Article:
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Iran's Rouhani and Zarif To Take Part In UNGA In New York As 'A Chance For Diplomacy'


Source: Radio Farda

Iran's Foreign Minister Mohammad Javad Zarif says he and President Hassan Rouhani will go to New York next week to take part at the UN General Assembly meeting. The statement put an end to weeks of debate in the Iranian media about whether Rouhani should or should not take part in the meeting; with hard-line media led by the Kayhan newspaper, which is close to Ayatollah Khamenei's office, strongly opposing the U.N. visit.

President Hassan Rouhani & Foreign Minister Mohammad Javad Zarif
(file photo)

The Iranian Students News Agency (ISNA) quoted Zarif as saying in Tehran on Tuesday September 18 that the meeting offers a good chance for diplomacy as 95 heads of state are also taking part as well as many other top officials.

He said that Rouhani will speak at the UNGA meeting and is going to have several bilateral and multilateral meetings with world leaders while in New York.

Zarif added that Iran has no concern about the UN Security Council meeting as "the U.S. has changed its plans about the meeting," adding that "the meeting is no longer about Iran and only Security Council members will take part in it."

Iranian media and officials had said during the past weeks that they thought the Security Council meeting was particularly set up to put Rouhani in a position to meet face to face with U.S .President Donald Trump.

Zarif added, however, the "The Americans will take advantage of any opportunity to raise irrelevant issues and level accusations against Iran," adding that "threatening other countries by the United States not to maintain ties with Iran, is a sign of America's weakness and isolation, as others would not listen to them."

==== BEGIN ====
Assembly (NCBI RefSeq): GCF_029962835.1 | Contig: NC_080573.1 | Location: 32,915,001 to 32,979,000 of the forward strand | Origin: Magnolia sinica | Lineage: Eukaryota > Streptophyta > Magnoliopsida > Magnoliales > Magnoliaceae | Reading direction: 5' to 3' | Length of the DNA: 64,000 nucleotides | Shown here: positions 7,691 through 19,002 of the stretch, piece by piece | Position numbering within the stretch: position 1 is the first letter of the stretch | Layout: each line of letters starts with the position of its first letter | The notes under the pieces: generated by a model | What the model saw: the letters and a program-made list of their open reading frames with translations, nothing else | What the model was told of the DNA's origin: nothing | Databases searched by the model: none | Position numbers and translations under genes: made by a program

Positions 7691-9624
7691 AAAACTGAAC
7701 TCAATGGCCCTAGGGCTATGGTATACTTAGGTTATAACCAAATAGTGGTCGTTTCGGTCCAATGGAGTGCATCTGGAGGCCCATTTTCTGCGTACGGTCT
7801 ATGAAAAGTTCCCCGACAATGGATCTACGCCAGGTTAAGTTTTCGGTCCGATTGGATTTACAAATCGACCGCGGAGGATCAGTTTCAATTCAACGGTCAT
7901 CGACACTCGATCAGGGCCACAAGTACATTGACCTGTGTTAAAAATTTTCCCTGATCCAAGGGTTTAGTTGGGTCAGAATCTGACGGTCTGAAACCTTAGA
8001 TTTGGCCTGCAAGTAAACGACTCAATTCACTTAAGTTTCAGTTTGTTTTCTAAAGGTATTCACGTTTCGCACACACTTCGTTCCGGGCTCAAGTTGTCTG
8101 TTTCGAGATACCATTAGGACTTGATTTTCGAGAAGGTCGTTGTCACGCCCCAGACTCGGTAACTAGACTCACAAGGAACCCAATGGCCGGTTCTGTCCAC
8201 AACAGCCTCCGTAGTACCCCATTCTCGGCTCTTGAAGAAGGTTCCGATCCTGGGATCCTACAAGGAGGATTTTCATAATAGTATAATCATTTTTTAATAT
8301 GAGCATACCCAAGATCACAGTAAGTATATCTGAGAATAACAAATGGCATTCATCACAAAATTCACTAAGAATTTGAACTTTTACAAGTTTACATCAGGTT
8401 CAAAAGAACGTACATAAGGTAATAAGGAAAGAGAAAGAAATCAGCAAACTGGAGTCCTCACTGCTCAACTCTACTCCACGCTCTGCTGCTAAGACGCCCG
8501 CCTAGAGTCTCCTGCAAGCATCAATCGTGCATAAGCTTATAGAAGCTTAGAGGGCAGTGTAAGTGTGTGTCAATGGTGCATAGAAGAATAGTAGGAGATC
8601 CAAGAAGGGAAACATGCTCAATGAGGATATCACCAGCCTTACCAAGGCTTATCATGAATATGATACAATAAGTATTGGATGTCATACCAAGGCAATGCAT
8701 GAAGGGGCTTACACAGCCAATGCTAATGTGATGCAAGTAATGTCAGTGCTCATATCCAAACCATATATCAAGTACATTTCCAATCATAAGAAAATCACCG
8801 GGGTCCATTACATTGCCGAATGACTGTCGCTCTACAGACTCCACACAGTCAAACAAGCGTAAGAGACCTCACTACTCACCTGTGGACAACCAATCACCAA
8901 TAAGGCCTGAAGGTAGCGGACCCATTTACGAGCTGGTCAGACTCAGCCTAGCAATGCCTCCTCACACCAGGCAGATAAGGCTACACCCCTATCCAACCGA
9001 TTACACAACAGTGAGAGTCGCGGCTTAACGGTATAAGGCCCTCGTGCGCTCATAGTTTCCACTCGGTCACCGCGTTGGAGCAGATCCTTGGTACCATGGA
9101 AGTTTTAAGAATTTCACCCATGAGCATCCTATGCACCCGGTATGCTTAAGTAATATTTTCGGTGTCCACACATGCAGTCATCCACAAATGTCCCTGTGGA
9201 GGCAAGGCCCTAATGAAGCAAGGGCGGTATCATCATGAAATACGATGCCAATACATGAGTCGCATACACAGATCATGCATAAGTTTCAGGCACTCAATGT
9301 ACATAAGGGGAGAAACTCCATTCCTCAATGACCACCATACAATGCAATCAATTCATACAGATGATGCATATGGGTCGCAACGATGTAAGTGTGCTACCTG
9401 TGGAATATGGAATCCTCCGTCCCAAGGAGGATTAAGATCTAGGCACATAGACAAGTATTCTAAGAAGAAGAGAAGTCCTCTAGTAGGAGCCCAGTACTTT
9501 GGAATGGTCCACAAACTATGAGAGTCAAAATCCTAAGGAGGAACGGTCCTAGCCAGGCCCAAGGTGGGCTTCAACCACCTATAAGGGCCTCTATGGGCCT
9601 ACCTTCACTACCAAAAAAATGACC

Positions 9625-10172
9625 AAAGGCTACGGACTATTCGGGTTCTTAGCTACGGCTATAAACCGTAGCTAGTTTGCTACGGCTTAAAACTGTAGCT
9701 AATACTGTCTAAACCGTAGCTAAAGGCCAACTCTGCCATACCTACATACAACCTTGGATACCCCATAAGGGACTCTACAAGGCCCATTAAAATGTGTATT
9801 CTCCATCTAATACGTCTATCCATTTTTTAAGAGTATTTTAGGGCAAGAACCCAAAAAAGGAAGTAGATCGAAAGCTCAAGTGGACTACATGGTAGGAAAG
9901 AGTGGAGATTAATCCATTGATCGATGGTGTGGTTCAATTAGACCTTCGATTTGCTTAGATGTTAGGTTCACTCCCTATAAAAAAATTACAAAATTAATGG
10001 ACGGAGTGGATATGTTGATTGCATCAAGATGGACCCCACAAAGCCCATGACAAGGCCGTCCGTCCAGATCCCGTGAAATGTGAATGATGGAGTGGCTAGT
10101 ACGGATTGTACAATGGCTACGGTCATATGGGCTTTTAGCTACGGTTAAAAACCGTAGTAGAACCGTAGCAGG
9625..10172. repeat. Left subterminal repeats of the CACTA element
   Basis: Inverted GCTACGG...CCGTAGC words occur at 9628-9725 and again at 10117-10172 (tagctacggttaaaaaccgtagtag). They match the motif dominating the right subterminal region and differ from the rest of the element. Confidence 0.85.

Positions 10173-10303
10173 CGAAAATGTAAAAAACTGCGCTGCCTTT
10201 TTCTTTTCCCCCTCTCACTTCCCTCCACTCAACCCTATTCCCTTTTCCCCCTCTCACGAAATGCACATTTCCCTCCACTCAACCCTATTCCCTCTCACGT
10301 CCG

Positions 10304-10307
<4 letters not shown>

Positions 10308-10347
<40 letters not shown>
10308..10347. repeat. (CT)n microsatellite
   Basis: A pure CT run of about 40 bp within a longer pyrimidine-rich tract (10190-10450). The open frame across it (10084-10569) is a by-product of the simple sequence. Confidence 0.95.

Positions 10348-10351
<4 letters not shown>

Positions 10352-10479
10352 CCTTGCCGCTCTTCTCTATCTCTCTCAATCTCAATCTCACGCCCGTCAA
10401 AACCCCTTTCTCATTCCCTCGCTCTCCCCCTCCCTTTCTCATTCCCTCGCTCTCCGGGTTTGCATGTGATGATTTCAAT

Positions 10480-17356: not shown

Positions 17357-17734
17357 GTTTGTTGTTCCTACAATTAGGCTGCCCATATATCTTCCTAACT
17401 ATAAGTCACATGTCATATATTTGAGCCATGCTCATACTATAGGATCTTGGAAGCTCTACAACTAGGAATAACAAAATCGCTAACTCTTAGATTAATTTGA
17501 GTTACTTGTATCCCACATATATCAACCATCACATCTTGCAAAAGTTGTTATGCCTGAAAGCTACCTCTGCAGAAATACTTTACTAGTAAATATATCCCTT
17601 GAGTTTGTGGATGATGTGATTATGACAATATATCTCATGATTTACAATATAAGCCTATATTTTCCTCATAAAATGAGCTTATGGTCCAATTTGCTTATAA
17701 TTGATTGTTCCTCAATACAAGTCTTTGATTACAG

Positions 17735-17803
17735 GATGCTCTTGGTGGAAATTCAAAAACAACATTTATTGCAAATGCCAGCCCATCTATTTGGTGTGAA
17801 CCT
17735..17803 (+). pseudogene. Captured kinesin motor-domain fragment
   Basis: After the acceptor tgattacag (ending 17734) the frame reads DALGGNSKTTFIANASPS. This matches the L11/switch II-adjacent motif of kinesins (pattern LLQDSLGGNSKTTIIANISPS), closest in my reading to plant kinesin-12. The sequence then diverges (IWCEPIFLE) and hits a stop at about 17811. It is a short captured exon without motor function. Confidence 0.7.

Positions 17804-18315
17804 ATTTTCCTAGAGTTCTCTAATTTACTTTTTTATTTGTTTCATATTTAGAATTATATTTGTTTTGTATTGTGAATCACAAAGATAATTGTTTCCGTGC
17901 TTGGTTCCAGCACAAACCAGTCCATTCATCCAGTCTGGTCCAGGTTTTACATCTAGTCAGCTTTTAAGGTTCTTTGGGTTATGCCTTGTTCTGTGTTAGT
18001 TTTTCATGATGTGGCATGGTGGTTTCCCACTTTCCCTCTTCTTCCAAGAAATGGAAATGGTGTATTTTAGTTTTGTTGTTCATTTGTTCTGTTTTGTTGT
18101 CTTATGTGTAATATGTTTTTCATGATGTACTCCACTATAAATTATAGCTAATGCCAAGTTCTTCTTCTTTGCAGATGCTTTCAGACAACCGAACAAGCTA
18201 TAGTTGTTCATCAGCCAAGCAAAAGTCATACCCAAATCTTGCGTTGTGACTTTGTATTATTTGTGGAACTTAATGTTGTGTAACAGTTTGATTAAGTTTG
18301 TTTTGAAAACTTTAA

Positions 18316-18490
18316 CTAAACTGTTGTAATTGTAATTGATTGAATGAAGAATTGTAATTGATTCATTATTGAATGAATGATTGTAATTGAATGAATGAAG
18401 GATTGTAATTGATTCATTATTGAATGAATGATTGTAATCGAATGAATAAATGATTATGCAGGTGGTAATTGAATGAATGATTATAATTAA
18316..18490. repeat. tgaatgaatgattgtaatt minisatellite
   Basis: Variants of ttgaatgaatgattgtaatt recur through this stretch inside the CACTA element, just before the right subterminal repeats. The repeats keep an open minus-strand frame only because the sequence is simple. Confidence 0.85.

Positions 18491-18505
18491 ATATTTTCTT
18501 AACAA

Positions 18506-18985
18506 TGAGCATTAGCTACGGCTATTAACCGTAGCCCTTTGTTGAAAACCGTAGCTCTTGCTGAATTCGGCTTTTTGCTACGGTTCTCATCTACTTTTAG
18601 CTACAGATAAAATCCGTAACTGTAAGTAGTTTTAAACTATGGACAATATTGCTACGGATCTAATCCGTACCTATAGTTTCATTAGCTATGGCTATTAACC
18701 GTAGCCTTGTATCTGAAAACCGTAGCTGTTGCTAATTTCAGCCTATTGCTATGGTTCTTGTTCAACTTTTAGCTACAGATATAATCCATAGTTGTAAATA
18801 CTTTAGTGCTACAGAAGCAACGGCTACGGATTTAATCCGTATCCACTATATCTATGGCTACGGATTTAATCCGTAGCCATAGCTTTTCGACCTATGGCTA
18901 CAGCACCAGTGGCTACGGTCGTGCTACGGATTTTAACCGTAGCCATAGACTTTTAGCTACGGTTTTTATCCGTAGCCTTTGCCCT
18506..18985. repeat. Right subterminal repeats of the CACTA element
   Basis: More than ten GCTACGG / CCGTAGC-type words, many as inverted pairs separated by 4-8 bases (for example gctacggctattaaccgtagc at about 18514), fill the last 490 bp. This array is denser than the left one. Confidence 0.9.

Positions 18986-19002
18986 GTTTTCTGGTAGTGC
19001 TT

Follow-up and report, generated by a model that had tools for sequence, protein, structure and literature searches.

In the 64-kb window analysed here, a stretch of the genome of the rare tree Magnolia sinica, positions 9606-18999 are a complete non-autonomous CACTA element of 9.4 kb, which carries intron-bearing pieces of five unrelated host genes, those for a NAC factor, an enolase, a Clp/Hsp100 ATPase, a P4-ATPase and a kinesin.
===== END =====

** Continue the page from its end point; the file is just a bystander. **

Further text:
Nevertheless, Zarif admitted that some foreign companies have "temporarily" left Iran as a result of U.S. threats.

Speaking about recent media reports about former U.S. Secretary of State John Kerry's meetings with him, Zarif said that those meetings were neither pre-planned, nor secret.

"When I go to New York, everyone from Kissinger to Kerry and the House representatives come to see me. This is normal and it is a reality that shows Iran's influence," Zarif said.

On the controversy between the Trump administration and Kerry over the meetings, Zarif said, "This is a stage-managed dispute that has something to do with the upcoming elections in America."

Kerry said in an interview with New York's Salem Radio recently that he has had a few meetings with Zarif, but said he did not "coach" him in how to respond to the policies of the Trump administration.

"I think I've seen him three or four times," Kerry said in an interview with Hugh Hewitt on Salem Radio in New York on Wednesday September 12, the radio anchor's website reported.

"What I have done is tried to elicit from him what Iran might be willing to do in order to change the dynamic in the Middle East for the better," Kerry explained.

In a tweet on Thursday September 14, Trump called the meetings "illegal", characterizing Iran as a "very hostile" regime.

This would mean that Kerry most probably did not coordinate his meetings with Trump administration officials.

Trump also accused Kerry that the former secretary of state told Zarif "to wait out the Trump administration!"

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